CRISPR-Edited Muscle Stem Cells Could Provide Long-Term Cure for Duchenne Muscular Dystrophy

CRISPR-Edited Muscle Stem Cells Could Provide Long-Term Cure for Duchenne Muscular Dystrophy

New research suggests the use of CRISPR to edit mutations in muscle stem cells (MuSCs) could be an effective long-term treatment for Duchenne muscular dystrophy (DMD).

DMD is a genetic disorder caused by a mutation in a gene on the X chromosome that stops cells from producing a protein called dystrophin. Dystrophin is essential for maintaining muscle strength and function and the lack of the protein leads to progressive loss of muscle strength and function. The disease is fatal and without treatment patients rarely survive past their teens. With appropriate cardiac and respiratory care, life expectancy can be increased and patients can live until their thirties or forties. The disease affects approximately 1 in 3,500 males and there are around 250,000 individuals with DPD living in the United States.

Several studies have been conducted using CRISPR to edit the dystrophin mutation in dogs and rodents which have resulted in improvement in muscle function, but since the edited muscle cells wear out over time, further treatment is likely to be required to prevent a relapse.

Now researchers at the University of Missouri School of Medicine investigated whether they could use CRISPR to edit out the mutation in muscle stem cells. if successful, when the muscle cells wear out, they would be replaced with cells that carry an edited version of the dystrophin gene capable of generating a viable dystrophin protein. That would mean DPD could potentially be cured with a one-time CRISPR treatment.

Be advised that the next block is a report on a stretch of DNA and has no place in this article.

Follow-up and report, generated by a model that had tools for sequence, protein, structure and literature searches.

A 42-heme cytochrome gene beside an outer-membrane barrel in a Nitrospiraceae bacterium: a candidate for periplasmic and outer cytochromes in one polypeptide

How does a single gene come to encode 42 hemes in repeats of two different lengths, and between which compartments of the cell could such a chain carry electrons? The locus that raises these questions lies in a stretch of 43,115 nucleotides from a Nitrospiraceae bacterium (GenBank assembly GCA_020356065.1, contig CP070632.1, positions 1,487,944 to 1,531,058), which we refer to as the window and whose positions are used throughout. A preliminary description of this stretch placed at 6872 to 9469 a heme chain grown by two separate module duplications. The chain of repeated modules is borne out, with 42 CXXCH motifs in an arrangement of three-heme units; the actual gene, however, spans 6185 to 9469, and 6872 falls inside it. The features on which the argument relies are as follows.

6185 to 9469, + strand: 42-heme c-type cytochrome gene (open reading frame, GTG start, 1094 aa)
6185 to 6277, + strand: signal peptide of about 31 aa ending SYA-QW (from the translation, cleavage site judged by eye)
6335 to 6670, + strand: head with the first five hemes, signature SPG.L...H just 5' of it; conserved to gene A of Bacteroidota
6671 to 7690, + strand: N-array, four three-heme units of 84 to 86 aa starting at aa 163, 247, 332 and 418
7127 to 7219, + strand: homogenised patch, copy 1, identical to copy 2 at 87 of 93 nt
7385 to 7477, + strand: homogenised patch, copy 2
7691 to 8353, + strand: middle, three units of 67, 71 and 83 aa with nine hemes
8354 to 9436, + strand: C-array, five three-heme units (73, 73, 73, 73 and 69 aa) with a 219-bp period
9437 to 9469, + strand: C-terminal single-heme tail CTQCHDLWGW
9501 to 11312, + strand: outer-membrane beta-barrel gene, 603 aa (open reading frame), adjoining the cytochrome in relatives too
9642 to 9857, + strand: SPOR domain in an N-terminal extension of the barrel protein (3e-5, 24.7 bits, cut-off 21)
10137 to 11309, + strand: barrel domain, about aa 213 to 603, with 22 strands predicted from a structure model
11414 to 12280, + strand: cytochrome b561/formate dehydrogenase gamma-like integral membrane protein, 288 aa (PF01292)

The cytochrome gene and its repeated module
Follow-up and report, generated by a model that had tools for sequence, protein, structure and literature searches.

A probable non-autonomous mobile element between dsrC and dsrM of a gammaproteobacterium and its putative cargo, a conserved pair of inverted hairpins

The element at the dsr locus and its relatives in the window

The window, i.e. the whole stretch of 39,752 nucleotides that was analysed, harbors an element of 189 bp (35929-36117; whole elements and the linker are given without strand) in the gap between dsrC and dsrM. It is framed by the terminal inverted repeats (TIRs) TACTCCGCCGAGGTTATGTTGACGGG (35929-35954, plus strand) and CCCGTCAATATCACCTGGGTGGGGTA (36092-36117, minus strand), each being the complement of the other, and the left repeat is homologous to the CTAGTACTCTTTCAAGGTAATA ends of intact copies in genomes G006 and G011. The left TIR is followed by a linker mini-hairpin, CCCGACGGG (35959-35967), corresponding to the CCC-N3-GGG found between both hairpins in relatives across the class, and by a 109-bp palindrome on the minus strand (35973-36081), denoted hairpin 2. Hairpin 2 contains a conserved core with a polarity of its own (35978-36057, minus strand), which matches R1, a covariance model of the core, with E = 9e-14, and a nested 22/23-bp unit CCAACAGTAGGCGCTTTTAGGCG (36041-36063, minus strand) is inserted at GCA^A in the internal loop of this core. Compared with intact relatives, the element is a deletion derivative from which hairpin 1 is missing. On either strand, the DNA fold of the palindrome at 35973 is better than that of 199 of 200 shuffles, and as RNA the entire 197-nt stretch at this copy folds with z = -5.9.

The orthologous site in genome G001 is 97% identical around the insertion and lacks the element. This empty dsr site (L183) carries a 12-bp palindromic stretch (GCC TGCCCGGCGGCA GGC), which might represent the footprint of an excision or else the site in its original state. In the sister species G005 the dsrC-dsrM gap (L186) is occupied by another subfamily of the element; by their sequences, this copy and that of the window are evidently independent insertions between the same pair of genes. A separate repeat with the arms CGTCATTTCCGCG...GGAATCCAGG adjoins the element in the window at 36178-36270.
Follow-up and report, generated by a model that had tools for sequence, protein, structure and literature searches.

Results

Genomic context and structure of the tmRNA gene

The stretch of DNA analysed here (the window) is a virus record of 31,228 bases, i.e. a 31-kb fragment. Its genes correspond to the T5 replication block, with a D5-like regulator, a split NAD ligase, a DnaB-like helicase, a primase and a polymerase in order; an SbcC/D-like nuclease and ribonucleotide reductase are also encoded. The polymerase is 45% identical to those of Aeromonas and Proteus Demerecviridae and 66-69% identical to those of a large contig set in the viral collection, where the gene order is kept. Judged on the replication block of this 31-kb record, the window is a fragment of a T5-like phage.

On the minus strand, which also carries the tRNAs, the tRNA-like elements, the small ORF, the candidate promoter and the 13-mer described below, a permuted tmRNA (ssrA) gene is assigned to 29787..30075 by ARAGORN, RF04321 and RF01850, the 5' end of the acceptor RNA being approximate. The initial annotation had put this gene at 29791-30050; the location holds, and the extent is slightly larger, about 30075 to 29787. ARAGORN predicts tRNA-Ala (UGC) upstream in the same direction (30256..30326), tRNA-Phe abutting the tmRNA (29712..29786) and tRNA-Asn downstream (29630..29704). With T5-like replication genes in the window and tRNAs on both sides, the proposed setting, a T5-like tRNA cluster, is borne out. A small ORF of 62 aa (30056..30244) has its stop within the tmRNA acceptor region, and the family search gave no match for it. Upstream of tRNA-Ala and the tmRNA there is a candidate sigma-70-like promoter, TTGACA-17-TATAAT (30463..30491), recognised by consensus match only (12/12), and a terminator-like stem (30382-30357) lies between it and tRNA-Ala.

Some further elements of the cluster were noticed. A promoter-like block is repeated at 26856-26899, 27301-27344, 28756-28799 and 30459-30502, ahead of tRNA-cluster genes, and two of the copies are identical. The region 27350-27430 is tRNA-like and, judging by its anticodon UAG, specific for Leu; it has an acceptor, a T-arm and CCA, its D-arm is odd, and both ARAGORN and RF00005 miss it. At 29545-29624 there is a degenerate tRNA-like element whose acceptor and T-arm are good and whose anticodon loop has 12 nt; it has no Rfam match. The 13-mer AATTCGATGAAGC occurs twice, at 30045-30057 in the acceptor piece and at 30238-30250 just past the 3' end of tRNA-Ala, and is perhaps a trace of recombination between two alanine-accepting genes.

The UMSM researchers delivered CRISPR via the adeno-associated virus serotype-9 (AAV9) which has already been approved by the FDA for treating spinal muscular atrophy. One of the main concerns was that AAV9 would not transduce MuSCs, as past research had produced conflicting results.

The researchers used a muscle graft model to demonstrate the effectiveness of the technique and report that the graft underwent full necrosis before being regenerated from the MuSCs in an immune-deficient mouse. The regenerated muscle cells contained abundant quantities of edited cells which were able to successfully produce dystrophin.

“Our research shows that CRISPR can be used to effectively edit the stem cells responsible for muscle regeneration,” said Dongsheng Duan, PhD,  professor of molecular microbiology and senior study investigator and The ability to treat the stem cells that are responsible for maintaining muscle growth may pave the way for a one-time treatment that can provide a source of gene-edited cells throughout a patient’s life.”

The study is detailed in the paper – AAV9 Edits Muscle Stem Cells in Normal and Dystrophic Adult Mice – which was recently published in the journal Molecular Therapy. DOI: 10.1016/j.ymthe.2019.06.012

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